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Dec 19, 2016 | 09:15 GMT

11 mins read

A Tortuous Path to Peace in Libya

A tank burns as clashes rage between the Libyan National Army, led by Field Marshal Khalifa Hifter, and jihadist militants.
(ABDULLAH DOMA/AFP/Getty Images)
Forecast Bullets
  • Libya's internationally recognized government, the Government of National Accord, will continue to decline as it nears the end of its first year in power.
  • Despite their proximity in western Libya and their enduring rivalry, Field Marshal Khalifa Hifter's Libyan National Army and militias from the city of Misrata may opt to negotiate rather than resume fighting.
  • Prospective negotiations to form a government in Libya will need to accommodate the ambitions of both the Misratans and Hifter.

Libya is a country divided. A year ago, representatives from its rival governments — the nationally recognized House of Representatives, based in Tobruk, and the General National Congress (GNC) in Tripoli — signed a deal to unite as a single government. Though the deal, known as the Libyan Political Agreement, installed a new administration in Tripoli, today the country is more fragmented than ever. Instead of two rival governments, Libya now has three, and its internationally recognized leadership, the Government of National Accord, is losing ground.

Yet as Libya's political turmoil has deepened, its economic and security circumstances have somewhat improved. Oil production, the country's economic mainstay, is at its highest in two years, thanks to the efforts of the Libyan National Army. In addition, militias from the city of Misrata in western Libya have managed to dislodge the Islamic State from its stronghold in Sirte. Those two military blocs — Libya's strongest and most cohesive — are responsible for much of the country's recent success. They are also bitter rivals: The Libyan National Army and its leader, Field Marshal Khalifa Hifter, support the House of Representatives, while the Misratan fighters back the GNC. Their respective campaigns to stabilize the country's oil industry and oust the Islamic State, moreover, have put them in uncomfortably close quarters for the first time in two years. Hifter recently announced that his forces in western Libya should prepare for a campaign to take Tripoli, a move that could drive the forces in the capital to unite against him once more. The GNA's founders, the Libyan National Army and the Misratans are on a collision course — one that could lead them to the negotiating table if it does not lead them into open conflict.

The Government of National Discord

Despite its name, the Government of National Accord has not inspired much unity in Libya. The GNA has struggled to gain legitimacy ever since it arrived in Tripoli in March. The House of Representatives never formally confirmed the GNA, although the Libyan Political Agreement listed its approval as a condition for the government's rule. The GNA's administration has never managed to gain firm control over Tripoli, much less the rest of the country. As a result, it has had little success establishing itself as a representative government for all of Libya, and now it is losing traction even among its supporters. The government's own defense minister, Mahdi al-Barghathi, has apparently turned against the GNA Presidency Council, allegedly helping to organize attacks earlier in December on oil terminals under the Libyan National Army's control in Jufra.

Because the GNA was designed to serve only as an interim government, the challenges to its authority will become more formidable as its prescribed one-year term draws to a close. Already, the GNC has stepped up its opposition to the GNA. In October, militias aligned with the GNC took over several government buildings, including the Rixos complex, which houses the GNA's parliament. Fighting between the two governments' militias escalated in December, leading to the bloodiest clashes in Tripoli since 2014.

A Means to an End

Of course, the GNA would not exist at all were it not for the intractable differences between the GNC and the House of Representatives. In 2015, the armed coalitions supporting the rival governments were embroiled in a brutal civil war in Tripoli and in the Oil Crescent, home of the country's most important oil export infrastructure. Neither side had the strength to overpower the other. Islamist and Misratan militias supporting the GNC forced fighters for the House of Representatives — including a group from the city of Zintan — from Tripoli. At the same time, Hifter and the Libyan National Army managed to push Misratan forces, along with their allies, from both the Oil Crescent and the city of Sirte.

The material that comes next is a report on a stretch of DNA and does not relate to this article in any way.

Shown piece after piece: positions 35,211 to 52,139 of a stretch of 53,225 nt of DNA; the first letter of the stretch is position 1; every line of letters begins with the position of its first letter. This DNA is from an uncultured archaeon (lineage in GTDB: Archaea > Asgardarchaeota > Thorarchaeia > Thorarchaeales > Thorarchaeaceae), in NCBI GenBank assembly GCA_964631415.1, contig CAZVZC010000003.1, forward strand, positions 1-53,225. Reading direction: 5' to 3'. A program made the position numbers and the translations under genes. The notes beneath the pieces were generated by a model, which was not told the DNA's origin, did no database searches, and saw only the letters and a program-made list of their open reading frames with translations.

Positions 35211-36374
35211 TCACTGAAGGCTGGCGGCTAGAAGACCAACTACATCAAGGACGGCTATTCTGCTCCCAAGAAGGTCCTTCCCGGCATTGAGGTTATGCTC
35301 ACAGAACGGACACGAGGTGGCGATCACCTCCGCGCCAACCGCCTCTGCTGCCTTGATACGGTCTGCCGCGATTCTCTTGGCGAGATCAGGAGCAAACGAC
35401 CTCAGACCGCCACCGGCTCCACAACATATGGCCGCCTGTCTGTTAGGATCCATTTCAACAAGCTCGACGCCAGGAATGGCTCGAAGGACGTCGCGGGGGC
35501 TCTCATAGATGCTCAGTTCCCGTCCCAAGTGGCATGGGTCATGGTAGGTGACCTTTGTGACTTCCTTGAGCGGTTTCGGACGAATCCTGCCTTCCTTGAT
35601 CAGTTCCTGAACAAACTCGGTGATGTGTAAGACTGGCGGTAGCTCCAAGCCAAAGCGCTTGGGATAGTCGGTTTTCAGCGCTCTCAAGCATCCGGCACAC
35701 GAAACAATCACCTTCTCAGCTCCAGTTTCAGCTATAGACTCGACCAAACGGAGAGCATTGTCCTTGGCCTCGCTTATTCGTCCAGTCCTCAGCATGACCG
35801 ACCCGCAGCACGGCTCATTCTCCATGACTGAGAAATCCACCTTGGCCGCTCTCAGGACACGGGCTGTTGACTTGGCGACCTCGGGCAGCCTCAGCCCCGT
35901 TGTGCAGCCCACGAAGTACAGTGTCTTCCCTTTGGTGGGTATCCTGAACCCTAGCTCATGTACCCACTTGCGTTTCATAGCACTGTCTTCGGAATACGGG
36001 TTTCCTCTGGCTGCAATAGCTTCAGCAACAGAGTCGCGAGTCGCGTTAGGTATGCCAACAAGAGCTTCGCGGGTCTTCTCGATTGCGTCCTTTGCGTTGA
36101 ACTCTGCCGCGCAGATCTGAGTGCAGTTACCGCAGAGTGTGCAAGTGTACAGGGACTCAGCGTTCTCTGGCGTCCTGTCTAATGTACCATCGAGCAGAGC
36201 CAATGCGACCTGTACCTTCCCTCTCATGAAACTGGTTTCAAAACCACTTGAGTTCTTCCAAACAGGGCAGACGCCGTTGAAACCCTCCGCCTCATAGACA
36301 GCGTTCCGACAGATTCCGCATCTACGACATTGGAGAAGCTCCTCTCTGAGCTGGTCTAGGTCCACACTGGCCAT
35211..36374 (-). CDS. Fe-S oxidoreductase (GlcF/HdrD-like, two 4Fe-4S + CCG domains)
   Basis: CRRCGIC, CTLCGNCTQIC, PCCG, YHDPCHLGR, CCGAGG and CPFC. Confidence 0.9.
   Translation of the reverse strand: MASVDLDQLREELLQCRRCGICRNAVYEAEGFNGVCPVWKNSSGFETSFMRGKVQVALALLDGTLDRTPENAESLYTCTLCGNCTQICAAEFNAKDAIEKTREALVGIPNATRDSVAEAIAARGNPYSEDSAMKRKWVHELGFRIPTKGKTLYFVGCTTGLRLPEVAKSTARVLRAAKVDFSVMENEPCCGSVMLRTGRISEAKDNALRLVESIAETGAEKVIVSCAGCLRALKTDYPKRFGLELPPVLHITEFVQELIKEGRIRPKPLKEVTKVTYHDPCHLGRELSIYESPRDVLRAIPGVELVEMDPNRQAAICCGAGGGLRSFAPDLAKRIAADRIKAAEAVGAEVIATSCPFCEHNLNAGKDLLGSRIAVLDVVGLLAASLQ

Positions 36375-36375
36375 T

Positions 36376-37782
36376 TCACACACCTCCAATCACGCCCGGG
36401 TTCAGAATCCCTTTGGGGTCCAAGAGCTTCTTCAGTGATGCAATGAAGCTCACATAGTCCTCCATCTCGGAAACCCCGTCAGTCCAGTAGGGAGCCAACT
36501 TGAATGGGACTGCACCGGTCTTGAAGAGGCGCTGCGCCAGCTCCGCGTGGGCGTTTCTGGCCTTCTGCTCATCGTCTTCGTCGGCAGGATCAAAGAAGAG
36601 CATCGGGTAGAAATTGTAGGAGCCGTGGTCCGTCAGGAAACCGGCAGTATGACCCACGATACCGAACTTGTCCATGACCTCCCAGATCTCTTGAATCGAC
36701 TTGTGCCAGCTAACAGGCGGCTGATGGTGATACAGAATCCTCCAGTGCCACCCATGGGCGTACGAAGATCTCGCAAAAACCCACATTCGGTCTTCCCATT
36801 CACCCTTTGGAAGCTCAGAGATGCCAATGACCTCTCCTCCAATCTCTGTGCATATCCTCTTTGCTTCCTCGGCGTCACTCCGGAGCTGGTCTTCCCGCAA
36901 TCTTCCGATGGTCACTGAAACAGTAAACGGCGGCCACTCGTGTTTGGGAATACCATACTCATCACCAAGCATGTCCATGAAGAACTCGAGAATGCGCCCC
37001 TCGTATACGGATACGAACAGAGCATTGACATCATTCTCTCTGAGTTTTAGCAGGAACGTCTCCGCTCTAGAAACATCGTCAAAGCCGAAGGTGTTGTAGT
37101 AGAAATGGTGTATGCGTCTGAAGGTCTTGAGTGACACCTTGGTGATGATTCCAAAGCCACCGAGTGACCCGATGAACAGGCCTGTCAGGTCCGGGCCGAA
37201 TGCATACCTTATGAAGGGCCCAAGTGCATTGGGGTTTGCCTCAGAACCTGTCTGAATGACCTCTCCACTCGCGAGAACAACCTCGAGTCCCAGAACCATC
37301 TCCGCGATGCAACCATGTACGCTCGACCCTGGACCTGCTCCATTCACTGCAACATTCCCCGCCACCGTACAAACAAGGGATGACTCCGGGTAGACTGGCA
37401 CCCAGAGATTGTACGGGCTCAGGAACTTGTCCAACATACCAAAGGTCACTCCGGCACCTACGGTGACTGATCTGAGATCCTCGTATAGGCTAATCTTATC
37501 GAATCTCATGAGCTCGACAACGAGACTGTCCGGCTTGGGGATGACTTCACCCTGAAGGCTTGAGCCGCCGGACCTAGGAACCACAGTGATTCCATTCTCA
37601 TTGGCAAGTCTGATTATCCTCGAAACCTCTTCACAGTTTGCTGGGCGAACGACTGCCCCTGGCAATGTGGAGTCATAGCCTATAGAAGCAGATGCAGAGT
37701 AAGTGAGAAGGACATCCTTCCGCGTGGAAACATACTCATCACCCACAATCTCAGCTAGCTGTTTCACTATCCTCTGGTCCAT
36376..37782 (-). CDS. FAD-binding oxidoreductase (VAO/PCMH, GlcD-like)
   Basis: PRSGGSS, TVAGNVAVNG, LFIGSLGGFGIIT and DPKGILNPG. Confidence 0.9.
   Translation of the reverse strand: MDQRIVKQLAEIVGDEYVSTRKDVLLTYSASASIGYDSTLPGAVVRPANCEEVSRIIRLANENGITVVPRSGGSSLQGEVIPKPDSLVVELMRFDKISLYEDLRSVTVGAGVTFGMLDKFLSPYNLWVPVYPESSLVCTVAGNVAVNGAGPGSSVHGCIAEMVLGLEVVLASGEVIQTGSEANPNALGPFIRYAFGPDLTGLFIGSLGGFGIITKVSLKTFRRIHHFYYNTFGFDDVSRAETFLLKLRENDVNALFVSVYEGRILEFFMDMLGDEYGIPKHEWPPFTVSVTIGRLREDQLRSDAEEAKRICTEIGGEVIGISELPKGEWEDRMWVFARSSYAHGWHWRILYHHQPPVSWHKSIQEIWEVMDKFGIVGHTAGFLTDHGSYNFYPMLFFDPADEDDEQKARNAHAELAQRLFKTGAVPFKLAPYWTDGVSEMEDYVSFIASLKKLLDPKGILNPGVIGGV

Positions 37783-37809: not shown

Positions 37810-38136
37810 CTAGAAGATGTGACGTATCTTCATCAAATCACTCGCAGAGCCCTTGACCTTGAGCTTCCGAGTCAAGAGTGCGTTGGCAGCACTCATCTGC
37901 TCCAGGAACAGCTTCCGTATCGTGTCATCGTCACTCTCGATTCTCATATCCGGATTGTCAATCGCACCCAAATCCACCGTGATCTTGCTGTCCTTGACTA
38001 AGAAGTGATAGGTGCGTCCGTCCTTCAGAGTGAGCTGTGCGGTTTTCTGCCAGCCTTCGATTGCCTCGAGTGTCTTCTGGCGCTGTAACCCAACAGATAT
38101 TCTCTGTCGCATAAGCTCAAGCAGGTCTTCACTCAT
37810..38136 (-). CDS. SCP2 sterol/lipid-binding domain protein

In the vacuum left after the fighting stopped, the Islamic State established a base around Sirte, and from there, it launched attacks westward into Misrata. Alarmed by the extremist group's advance, the city's warring militias and their leaders began to look for a political solution to their dispute so they could turn their attention toward the Islamic State — and get Western support for the fight. The Islamic State's emergence in Libya created rifts between Misrata's moderate factions and their hard-line Islamist and Salafist allies. Nevertheless, the moderates eventually signed a peace agreement with the city of Zintan and joined negotiations, led by the United Nations, to form a unified government. In doing so, the Misratans galvanized enough support for the unity government among the GNC's backers that its split with the hard-line factions did not matter.

But the negotiations hit a snag over Hifter's role in the prospective government. Even though they were willing to join the peace process, most Misratans staunchly opposed Hifter's inclusion in the government because of his anti-Islamist ideology. The final lineup for the GNA put former GNC Prime Minister Ahmed Maiteeq, a prominent Misratan businessman, in a deputy prime minister post. It did not, however, give Hifter a formal role. To maintain support from the Misratans and other groups in western Libya, the GNA appointed al-Barghathi — a rival of Hifter with ties to Islamist groups — as defense minister.

Hifter's March

Even so, Hifter is still a prominent force in Libya as leader of the Libyan National Army. Though the fight has taken over two years, Hifter's troops have made significant gains in Benghazi against jihadist and Islamist groups such as the Shura Council of Benghazi Revolutionaries and Ansar al-Sharia, which are now confined to two small districts. The army's continued support from international backers, including the United Arab Emirates, Saudi Arabia and Egypt, has allowed it, under Hifter's aegis, to continue to advance around Benghazi and push farther west. In the process, Hifter and House of Representatives President Aguila Saleh Issa have begun to consolidate control of the region, installing military leaders loyal to them at the top of area municipal councils. The army has also gained control over most of the country's vital oil and natural gas infrastructure since September with growing support from the National Oil Corp., headquartered in Tripoli. After repelling the Jufra attack, the army advanced even farther west into Sabha and announced Dec. 14 that it would resume production at El Sharara and El Feel, the main oil fields in western Libya.